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Sperm Competition: Mating System, Not Breeding Season, Affects Testes Size of Primates
A. H. Harcourt, A. Purvis and L. Liles
Vol. 9, No. 3 (Jun., 1995), pp. 468-476
Published by: British Ecological Society
Stable URL: http://www.jstor.org/stable/2390011
Page Count: 9
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1. In taxa in which several males mate with a fertile female, males have larger testes relative to their body size than do males of taxa where only one male normally mates. However, breeding seasonality could confound the association: some species with breeding seasons have unusually large testes; seasonal breeding could concentrate fertile females in time, so making them difficult to defend and thus promoting multi-male groups. 2. Using data from 58 species of primates, and carefully accounting for phylogeny, we investigate the potential for breeding seasonality to confound the relation between testes size and mating system. 3. No confounding effect exists. Multi-male taxa have very significantly larger testes for their body size than do single-male taxa, independently of seasonality of breeding. Seasonality has no effect whatsoever in our sample, although few primates have very short breeding seasons. 4. While multi-male genera are equally likely to be seasonal as non-seasonal breeders, the single-male taxa of our sample are rarely seasonal, apparently supporting the difficulty of defence hypothesis but the sample by no means allows a firm conclusion.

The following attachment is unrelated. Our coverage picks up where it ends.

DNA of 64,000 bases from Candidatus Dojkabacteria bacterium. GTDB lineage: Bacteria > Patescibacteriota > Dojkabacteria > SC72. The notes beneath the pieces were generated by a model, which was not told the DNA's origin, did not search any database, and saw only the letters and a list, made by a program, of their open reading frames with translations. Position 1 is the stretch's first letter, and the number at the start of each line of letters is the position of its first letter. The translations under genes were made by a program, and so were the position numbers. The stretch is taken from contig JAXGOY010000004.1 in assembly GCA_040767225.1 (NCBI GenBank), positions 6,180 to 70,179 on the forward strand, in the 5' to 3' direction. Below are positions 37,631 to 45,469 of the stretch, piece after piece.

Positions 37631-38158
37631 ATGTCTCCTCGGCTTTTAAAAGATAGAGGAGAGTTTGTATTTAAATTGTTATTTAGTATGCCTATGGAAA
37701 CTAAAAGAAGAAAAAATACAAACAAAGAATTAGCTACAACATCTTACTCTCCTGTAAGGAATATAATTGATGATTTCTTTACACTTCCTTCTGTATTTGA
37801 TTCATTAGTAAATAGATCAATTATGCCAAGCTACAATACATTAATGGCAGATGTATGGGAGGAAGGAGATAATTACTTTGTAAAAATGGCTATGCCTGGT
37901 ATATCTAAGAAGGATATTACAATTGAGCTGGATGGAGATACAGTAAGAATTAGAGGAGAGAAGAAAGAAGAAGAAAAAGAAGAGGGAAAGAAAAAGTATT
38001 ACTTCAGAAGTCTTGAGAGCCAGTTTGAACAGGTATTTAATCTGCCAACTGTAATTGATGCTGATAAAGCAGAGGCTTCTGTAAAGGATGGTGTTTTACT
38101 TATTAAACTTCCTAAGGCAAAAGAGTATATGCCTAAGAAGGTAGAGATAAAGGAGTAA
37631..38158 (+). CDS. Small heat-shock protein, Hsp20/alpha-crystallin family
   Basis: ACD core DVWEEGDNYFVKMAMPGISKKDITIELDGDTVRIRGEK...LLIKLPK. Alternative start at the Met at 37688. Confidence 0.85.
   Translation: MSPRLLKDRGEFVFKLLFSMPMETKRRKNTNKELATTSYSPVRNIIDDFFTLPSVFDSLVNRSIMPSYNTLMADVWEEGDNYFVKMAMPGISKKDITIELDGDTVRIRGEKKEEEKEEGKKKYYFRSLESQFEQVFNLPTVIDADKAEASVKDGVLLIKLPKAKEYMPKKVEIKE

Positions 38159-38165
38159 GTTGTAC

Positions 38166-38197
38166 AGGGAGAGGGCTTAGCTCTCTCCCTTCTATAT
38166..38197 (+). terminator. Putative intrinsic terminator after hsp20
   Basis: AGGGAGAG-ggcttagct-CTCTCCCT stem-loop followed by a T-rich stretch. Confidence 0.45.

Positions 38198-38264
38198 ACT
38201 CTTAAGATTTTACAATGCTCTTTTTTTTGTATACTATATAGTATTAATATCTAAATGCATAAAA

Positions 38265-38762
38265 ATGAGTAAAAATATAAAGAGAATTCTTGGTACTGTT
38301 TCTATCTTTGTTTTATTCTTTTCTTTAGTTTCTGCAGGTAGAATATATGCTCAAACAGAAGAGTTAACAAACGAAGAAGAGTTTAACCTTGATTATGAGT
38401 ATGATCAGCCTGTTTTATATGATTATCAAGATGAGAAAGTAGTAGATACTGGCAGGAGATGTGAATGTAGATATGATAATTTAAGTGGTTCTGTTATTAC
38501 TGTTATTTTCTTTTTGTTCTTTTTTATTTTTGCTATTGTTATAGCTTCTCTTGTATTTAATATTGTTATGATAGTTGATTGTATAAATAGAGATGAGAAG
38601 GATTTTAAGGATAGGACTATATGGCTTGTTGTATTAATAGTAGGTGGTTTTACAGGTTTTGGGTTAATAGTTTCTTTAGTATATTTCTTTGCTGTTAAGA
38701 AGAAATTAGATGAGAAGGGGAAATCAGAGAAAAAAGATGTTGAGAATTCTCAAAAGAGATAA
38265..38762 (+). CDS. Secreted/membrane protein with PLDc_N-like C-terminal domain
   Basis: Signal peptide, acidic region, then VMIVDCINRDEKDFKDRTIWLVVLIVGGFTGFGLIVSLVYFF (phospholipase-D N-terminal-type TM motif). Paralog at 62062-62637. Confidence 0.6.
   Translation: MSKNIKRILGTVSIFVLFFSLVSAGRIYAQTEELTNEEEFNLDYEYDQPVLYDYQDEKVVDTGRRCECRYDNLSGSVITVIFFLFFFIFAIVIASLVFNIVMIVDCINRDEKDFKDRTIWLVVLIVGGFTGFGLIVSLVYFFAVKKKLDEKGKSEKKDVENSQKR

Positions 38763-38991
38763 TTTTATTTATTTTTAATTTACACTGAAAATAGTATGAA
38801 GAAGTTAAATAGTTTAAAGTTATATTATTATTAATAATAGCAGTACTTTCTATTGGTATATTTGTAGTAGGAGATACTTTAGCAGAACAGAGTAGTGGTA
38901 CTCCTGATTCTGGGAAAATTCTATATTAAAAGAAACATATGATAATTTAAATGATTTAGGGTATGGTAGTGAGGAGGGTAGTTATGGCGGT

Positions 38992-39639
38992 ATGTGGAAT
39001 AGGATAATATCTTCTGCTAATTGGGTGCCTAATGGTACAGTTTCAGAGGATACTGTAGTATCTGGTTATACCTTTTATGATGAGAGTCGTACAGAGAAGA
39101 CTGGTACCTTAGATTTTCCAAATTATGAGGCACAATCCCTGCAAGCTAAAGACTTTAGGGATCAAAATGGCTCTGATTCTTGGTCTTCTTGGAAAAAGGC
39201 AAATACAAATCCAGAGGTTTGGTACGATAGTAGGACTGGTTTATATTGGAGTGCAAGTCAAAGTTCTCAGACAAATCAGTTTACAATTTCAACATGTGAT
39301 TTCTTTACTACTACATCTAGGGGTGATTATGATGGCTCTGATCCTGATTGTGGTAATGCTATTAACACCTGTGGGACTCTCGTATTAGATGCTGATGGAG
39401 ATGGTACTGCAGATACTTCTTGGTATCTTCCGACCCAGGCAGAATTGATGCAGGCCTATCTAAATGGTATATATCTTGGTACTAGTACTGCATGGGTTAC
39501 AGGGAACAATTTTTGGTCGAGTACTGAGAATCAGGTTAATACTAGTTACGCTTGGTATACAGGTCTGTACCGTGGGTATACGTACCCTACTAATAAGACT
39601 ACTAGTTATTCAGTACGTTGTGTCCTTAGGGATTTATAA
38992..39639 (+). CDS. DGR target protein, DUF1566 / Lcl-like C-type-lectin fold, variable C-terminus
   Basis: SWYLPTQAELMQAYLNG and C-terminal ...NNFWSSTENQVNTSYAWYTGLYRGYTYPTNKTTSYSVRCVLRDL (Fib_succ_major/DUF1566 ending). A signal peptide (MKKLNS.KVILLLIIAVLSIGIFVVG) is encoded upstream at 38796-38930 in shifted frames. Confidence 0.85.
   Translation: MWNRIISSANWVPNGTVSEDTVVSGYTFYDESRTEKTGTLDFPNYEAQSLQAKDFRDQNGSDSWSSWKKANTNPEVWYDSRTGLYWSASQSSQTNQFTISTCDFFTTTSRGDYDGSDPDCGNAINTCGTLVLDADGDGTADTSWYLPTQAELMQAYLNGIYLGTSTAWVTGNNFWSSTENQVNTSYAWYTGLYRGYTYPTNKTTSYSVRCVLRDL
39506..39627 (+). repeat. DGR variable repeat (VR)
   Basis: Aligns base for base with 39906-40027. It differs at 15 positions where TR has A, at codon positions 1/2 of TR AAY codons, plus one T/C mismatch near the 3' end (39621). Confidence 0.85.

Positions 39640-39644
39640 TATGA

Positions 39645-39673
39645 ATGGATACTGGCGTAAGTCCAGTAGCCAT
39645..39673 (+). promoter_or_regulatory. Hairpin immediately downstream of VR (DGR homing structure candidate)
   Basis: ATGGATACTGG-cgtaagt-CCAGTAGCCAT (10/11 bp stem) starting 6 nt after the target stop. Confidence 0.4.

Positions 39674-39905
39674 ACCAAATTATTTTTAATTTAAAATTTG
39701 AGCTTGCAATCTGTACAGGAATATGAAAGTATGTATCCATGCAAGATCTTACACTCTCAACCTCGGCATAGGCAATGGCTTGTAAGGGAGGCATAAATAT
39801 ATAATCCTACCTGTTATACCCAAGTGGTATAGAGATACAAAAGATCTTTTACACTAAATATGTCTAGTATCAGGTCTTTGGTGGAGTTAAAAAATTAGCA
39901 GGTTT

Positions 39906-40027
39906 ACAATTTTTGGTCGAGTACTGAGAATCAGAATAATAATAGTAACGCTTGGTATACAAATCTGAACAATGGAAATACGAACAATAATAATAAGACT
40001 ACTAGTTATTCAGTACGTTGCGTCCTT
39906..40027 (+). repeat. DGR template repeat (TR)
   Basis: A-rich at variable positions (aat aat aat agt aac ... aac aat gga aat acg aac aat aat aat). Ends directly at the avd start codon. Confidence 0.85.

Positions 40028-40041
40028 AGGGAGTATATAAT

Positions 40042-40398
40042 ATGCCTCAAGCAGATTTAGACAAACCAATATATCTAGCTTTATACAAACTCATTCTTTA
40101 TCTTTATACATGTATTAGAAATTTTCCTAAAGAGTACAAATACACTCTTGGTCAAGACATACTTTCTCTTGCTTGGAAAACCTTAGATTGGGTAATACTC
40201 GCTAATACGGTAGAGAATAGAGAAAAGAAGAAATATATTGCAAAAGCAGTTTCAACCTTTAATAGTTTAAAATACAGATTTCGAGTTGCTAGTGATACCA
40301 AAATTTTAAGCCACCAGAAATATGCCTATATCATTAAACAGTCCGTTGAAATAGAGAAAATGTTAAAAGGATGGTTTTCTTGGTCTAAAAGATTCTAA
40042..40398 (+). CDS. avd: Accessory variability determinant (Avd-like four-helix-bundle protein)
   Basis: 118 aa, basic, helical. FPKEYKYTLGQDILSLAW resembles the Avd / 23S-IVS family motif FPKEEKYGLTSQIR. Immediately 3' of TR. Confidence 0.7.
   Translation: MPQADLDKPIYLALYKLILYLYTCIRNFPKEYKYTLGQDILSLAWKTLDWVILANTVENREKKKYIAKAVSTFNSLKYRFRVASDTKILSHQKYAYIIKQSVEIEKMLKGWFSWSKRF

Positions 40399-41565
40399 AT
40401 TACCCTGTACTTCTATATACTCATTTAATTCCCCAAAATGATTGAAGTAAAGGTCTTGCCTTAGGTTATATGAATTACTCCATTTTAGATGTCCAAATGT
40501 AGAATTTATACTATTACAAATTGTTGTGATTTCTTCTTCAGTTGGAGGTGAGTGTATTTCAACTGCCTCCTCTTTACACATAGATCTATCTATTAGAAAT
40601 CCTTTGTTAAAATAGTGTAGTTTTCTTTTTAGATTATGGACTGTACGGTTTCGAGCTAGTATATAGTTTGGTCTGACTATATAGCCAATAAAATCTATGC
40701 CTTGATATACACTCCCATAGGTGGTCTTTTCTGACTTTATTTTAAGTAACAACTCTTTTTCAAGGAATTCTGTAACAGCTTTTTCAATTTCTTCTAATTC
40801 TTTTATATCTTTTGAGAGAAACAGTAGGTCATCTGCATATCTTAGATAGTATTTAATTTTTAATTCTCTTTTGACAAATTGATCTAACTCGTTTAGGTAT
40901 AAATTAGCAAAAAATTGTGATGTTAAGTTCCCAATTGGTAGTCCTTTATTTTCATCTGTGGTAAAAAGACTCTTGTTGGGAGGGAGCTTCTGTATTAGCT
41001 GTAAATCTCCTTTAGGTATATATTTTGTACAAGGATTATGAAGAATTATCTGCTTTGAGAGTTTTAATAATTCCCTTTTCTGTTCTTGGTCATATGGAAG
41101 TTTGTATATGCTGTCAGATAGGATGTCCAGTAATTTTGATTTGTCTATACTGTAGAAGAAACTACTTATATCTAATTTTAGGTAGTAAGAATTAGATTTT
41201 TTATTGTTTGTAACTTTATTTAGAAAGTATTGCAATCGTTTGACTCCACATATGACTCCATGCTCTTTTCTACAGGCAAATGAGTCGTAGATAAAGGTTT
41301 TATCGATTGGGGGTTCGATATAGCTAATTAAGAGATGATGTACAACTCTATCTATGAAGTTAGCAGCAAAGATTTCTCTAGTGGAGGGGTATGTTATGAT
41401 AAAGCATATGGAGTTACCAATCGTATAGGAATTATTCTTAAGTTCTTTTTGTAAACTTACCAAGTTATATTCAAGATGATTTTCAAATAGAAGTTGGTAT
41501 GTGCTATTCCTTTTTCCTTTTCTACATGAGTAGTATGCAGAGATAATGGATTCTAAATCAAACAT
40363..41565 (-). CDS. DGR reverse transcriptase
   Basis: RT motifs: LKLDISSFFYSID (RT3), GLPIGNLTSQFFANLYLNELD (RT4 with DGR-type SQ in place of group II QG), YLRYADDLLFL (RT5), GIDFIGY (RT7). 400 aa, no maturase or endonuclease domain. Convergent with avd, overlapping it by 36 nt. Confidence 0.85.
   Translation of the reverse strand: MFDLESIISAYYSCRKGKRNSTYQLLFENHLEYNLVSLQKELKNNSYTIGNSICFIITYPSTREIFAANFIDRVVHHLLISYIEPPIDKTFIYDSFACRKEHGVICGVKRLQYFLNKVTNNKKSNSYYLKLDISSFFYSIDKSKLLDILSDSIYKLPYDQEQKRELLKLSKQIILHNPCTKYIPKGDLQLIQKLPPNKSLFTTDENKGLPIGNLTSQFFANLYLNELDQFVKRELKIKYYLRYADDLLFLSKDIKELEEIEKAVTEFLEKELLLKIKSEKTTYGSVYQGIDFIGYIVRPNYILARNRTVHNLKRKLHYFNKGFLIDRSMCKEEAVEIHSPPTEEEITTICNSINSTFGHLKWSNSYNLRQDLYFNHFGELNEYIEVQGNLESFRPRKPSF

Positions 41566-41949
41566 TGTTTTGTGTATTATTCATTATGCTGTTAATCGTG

Functional Ecology © 1995 British Ecological Society